New York has a new emoji index for its subway system, so we made you an emoji tube map

Much more readable, right? Image: CityMetric.

According to one Professor Vyv Evans of Bangor University, "Emoji" is the fastest-growing language in the UK.

Yes, Emoji. Those pictures on your phones. The ones on that extra keyboard that you couldn't figure out how to activate for months. Yeah, those.

Perhaps realising that we soon won't be able to communicate through anything but tiny faces and shrimps, New York's public radio station (WNYC) has launched a "subway agony index" using emoji to indicate line statuses.  At a glance, you can see whether a line is running smoothly, or is likely to aggravate you to angry tears through delays and overcrowding. 

WNYC's website explains that the station's data team are "trying to estimate agony on the NYC subway" through the index. The team monitors the time it takes for trains to get to each station, and adds "unhappy points" for stations typically crowded at rush hour. 

Here are the lines as this morning's rush hour in NYC:

The system only covers lines 1 through 6X, but it also gives an emoji rating for individual stations along each line. Here are the stations along line 5's uptown section earlier today: 

London's underground system currently has no such index. Instead, it's reliant on boring old words to describe whatever transport horrors await: 

 

So in order to make sure our compadres across the pond don't trump us in the subway stakes, we decided to make our own tube map, with an emoji for each station in Zone 1. Some reflect speed of service and business (Oxford Circus, we're looking at you); others are a little more, er, abstract. 

When it comes to the status of the lines themselves, the answer for all lines over the next day or so is pretty simple:


Think we got it wrong? Fancy extending our efforts to the outer zones? Drop us a line on Twitter, Facebook or contact us directly

 
 
 
 

How spurious imperial science affected the layout of African cities

Freetown, Sierra Leone. Image: David Hond/Freetown From The Air/Wikimedia Commons.

As the European powers spread across the world, systematically colonising it as they went, one of the deadliest enemies they faced was disease. In 1850s India, one in twenty British soldiers were dying from such diseases – on a par with British Empire casualty rates during World War II.

When Europeans started dropping dead the minute they got off the boat, the scientists of the day rushed to provide their own, at times fairly dodgy, solutions. This era coincided with a key period of city planning in the African colonies – meaning that there is still visible evidence of this shoddy science in the cityscape of many modern African cities.
For a long time altitude was considered a protection against disease, on the grounds that it was far from the lowland heat associated with putrefaction. British officials in India retreated to the ‘hill stations’ during the warm season; this practice continued in the African colonies established by all sorts of European powers in the late 19th century.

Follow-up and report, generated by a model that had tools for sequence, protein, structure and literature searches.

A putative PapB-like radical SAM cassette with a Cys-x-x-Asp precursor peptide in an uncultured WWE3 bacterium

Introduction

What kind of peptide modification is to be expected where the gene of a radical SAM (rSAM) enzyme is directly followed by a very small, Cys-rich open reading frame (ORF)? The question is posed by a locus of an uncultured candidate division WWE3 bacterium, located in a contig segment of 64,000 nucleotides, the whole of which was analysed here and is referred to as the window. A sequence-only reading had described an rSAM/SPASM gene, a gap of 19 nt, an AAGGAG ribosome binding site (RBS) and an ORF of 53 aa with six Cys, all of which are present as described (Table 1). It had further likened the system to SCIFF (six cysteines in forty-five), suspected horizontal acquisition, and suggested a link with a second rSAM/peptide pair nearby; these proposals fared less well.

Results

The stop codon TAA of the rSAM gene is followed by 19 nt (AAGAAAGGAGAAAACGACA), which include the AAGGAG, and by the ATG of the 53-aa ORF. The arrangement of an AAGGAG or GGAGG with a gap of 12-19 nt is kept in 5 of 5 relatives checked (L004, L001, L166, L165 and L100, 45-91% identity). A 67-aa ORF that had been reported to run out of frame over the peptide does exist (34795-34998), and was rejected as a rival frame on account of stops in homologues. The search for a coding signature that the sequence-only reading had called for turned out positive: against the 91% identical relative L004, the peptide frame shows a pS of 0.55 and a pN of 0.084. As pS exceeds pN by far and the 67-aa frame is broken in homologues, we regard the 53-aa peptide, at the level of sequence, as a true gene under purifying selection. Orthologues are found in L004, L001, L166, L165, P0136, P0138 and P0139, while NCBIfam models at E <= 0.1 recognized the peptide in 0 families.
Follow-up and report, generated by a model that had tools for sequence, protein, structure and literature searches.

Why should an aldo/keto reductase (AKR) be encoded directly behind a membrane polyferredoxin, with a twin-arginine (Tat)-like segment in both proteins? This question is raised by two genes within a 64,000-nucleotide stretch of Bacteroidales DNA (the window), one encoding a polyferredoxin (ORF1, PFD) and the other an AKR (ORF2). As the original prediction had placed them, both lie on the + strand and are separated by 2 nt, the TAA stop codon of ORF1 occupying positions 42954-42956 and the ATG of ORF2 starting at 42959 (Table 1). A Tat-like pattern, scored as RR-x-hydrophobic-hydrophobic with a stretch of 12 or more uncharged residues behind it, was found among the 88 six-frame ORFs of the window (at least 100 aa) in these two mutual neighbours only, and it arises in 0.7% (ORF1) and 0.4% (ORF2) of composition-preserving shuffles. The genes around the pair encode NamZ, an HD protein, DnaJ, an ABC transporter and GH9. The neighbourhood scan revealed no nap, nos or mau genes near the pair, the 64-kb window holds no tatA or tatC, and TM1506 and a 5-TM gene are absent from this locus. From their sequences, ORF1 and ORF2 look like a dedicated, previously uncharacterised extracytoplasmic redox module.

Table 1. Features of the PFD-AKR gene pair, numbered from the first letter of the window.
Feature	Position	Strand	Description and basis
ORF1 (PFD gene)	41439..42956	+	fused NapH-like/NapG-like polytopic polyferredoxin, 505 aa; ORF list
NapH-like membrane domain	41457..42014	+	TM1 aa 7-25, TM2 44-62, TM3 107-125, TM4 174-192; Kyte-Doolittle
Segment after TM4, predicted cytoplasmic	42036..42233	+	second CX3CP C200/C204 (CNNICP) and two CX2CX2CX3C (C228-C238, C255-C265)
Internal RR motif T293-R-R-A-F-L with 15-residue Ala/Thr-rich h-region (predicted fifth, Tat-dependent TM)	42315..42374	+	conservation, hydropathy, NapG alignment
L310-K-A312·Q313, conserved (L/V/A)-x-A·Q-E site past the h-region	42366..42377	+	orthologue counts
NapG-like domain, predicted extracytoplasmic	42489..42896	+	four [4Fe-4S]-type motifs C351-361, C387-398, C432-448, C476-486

So it was that one bunch of imperialists established the capital of German Kamerun at Buea, high on the side of Mount Cameroon. The city still has a population of 90,000 today. Evidence of this height fetish can still be found in the ‘Plateau’ districts of Brazzaville, Dakar and Abidjan as well as the ‘Ridge’ district of Accra.


Malaria, particularly, was an ever present fear in the colonies, and it did much to shape the colonial cities. It’s a sign of the extent to which 19th century medical science misunderstood how the disease was spread that its name comes from the French for ‘bad air’. By the late 19th century, knowledge had managed to progress far enough to identify mosquitoes as the culprits – but views still wildly diverged about the appropriate response.

One solution popular in many empires was segregation. The Europeans had incorrectly identified Africans as the main carriers of the disease; African children under five were believed to be the main source of malaria so they were to be kept far away from the colonists at all times.

And so, many powers decided that the European settlers should be housed in their own separate areas. (Of course, this wrong headed but at least rational response wasn’t the whole explanation: often, sanitary concerns were used to veil simple racial chauvinism.)

The affluent Hill Station – a name reminiscent of the Indian colonies – in Freetown, Sierra Leone was built as a segregated suburb so Europeans could keep well clear of the local children. Today, it’s where the home of the president can be found. Yet despite all this expensive shuffling of Freetown’s urban landscape, inhabitants of Hill Station came down with malaria at about the same as those who lived elsewhere.

 

The Uganda Golf Course, Kampala. Image: Google Maps.

In Kampala, Uganga, a golf course now occupies the land designated by the British powers to protect the European neighbourhood from the African. A similar appropriation can be seen in Kinshasa, Democratic Republic of The Congo, where a zoo, botanical garden and another golf course can be found the land earmarked for protecting colonial officials and their families.

All this urban juggling was the privilege of immensely powerful colonial officials, backed up by the military might of the imperial powers. The indigenous peoples could do little but watch as their cities were bulldozed and rebuilt based on the whims of the day. Yet the scars are still visible in the fabric of many modern African cities today.